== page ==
There are regional differences in the calculation methods used to determine EPC ratings, which can lead to confusion.
Due to these differences, an EPC generated in Scotland should not be directly compared with an EPC generated in England. In order to make a proper comparison, it is necessary to factor in more information than just the healdine rating achieved.
Buildings in Scotland will often achieve a lower rating than a similar builging in England, and these lower ratings can result in investors having a bias towards England with their investments. So it’s important to look at the underlying energy usage, and not only the headline rating.
In England and Wales the EPC system calculates the asset rating based on a ratio of the BER (Building Emissions Rate) and SER (Standard Emission Rate). The SER emmisions of the reference building is multiplied by 50, and the associated band is derived from a self reference linear scale where the B-C boundary is fixed at 50 and the top of A is 0. This rating system has an upper limit of 150, but this is not a linear carbon scale, unlike the Scottish system.
In Scotland the rating system calculates the numeric asset rating as the BER in kgCO2/m2/, with the associated band derived from a linear carbon scale A-G from 0 to 100.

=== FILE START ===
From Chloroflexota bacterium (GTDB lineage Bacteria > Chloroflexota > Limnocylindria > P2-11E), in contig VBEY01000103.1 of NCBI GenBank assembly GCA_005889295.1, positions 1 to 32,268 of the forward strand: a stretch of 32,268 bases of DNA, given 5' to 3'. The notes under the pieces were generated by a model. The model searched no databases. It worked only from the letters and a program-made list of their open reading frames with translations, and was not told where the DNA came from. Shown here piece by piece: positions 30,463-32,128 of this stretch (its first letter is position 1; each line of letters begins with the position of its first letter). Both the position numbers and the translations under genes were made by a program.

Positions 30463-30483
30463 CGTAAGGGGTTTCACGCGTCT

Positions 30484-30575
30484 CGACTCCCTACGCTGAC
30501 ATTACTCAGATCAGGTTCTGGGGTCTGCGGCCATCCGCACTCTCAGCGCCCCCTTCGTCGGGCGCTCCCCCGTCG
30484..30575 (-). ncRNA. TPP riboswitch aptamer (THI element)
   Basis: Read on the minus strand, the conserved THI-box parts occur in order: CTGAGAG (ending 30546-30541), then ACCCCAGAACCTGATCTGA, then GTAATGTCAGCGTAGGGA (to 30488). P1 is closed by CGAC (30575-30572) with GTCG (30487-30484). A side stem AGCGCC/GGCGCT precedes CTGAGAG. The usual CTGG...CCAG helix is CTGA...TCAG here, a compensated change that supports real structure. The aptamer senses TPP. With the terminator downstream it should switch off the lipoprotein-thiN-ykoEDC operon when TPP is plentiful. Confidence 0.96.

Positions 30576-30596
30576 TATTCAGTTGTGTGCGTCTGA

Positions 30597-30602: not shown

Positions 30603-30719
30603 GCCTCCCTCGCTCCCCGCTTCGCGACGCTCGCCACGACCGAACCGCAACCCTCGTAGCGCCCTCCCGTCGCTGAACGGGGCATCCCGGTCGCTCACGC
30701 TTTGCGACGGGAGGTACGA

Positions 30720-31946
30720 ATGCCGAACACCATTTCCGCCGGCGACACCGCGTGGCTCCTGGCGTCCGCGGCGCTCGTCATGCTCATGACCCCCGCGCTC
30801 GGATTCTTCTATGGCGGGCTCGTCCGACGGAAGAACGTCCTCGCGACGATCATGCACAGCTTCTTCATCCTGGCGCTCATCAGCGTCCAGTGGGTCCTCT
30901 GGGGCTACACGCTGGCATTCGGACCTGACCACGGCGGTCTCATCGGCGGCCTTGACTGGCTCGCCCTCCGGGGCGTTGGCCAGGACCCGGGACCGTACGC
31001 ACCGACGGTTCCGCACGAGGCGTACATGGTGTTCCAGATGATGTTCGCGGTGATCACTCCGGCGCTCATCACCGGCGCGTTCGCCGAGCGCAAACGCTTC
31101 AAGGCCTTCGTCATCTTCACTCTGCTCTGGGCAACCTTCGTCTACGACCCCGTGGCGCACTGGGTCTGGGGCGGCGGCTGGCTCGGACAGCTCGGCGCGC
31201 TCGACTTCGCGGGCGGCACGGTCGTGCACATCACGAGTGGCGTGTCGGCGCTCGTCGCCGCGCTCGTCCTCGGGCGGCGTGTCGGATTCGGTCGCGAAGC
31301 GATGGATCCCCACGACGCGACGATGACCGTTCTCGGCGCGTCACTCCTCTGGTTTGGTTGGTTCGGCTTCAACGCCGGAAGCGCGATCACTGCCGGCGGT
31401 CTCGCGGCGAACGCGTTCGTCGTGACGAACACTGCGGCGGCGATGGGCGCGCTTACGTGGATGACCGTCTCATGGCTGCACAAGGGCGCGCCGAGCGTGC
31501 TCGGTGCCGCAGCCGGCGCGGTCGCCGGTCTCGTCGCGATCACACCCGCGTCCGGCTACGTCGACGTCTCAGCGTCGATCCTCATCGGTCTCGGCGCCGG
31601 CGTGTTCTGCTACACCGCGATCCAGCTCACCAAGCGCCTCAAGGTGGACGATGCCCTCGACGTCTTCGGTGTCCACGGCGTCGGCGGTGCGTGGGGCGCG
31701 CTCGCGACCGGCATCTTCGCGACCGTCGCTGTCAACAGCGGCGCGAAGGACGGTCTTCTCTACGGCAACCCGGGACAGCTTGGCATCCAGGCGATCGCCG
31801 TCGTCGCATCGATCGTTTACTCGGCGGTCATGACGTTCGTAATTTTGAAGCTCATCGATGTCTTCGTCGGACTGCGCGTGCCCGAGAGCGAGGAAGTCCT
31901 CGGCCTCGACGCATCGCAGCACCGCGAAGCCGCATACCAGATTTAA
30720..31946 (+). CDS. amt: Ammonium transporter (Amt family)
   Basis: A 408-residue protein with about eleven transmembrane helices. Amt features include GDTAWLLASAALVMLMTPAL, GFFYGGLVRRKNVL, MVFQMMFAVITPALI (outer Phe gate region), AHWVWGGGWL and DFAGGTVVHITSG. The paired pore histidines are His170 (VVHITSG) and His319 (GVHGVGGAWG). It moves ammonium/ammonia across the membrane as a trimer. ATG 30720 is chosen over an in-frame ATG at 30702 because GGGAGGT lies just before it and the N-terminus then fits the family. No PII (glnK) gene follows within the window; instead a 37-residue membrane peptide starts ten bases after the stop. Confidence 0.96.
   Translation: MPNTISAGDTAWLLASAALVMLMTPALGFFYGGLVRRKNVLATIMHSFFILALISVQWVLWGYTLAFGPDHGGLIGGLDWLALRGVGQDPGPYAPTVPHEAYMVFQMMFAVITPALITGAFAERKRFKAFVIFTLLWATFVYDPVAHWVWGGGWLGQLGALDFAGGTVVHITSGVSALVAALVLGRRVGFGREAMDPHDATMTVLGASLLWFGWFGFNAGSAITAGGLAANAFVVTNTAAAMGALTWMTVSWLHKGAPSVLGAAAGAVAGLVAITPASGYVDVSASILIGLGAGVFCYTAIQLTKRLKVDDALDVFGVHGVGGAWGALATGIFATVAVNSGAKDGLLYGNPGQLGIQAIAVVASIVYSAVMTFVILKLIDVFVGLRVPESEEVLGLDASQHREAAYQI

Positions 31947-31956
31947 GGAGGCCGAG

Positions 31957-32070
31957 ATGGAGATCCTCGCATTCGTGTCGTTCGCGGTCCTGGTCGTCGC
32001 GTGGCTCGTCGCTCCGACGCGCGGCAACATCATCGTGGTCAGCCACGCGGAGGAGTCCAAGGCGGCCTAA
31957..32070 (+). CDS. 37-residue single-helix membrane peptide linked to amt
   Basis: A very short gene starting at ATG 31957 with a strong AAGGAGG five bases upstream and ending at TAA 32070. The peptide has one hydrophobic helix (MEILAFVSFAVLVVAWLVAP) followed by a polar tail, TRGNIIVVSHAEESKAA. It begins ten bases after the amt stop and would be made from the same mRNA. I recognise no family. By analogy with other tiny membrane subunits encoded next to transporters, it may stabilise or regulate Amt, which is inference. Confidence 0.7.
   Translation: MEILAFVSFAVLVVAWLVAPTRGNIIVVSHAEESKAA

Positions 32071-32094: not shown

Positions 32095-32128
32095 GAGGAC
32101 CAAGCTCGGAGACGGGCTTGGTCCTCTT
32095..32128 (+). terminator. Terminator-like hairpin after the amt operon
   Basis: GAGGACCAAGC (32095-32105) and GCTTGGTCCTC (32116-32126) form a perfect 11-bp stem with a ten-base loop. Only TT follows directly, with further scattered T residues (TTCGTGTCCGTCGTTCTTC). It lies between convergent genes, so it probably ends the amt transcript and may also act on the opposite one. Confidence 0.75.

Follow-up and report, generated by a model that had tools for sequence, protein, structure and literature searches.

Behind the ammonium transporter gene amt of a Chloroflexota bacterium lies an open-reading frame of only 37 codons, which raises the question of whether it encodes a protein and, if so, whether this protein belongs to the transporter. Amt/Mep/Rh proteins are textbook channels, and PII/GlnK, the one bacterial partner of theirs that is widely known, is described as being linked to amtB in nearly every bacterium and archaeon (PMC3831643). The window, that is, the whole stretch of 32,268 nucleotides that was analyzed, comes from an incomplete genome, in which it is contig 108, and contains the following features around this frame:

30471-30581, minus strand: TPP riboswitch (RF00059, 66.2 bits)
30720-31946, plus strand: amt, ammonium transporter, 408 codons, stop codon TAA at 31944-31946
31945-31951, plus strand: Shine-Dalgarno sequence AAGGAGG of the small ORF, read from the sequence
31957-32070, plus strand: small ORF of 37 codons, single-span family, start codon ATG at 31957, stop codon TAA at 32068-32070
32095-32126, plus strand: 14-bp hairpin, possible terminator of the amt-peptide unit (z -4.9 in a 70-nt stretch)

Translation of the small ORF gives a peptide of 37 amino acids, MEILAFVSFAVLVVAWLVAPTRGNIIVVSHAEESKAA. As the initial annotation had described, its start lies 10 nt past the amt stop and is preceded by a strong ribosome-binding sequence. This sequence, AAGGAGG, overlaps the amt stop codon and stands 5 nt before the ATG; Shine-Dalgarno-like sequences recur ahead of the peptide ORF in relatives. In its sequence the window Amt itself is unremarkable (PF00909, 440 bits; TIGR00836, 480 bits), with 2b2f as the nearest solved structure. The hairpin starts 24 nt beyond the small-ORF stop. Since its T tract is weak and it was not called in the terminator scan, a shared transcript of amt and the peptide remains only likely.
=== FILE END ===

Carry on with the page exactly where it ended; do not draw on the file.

In some cases a building in Scotland can recieve a lower rating than an equivalent building in England, so someone could easily assume the building in England is more energy efficient when the opposite is true. A more representative comparison could be obtained if the BER was compared and not the headline rating.
Some might say the relative rating used in the England & Wales approach is hard to understand, and that Scottish approach is much clearer as it uses the absolute carbon figure. The Scottish approach offers a much clearer indication of the energy (and carbon) performance of the buildings.
However, the England & Wales method tends to spread wide ranges of building performances over the whole scale so is therefore more sensitive for certain building sectors in the assignments of EPC bands.`
A lack of understanding of the principles behind this approach and how they compare with the self-reference method may be why there are perceived disadvantages when using the EPC calculation method in Scotland, compared to when using the England and Wales method.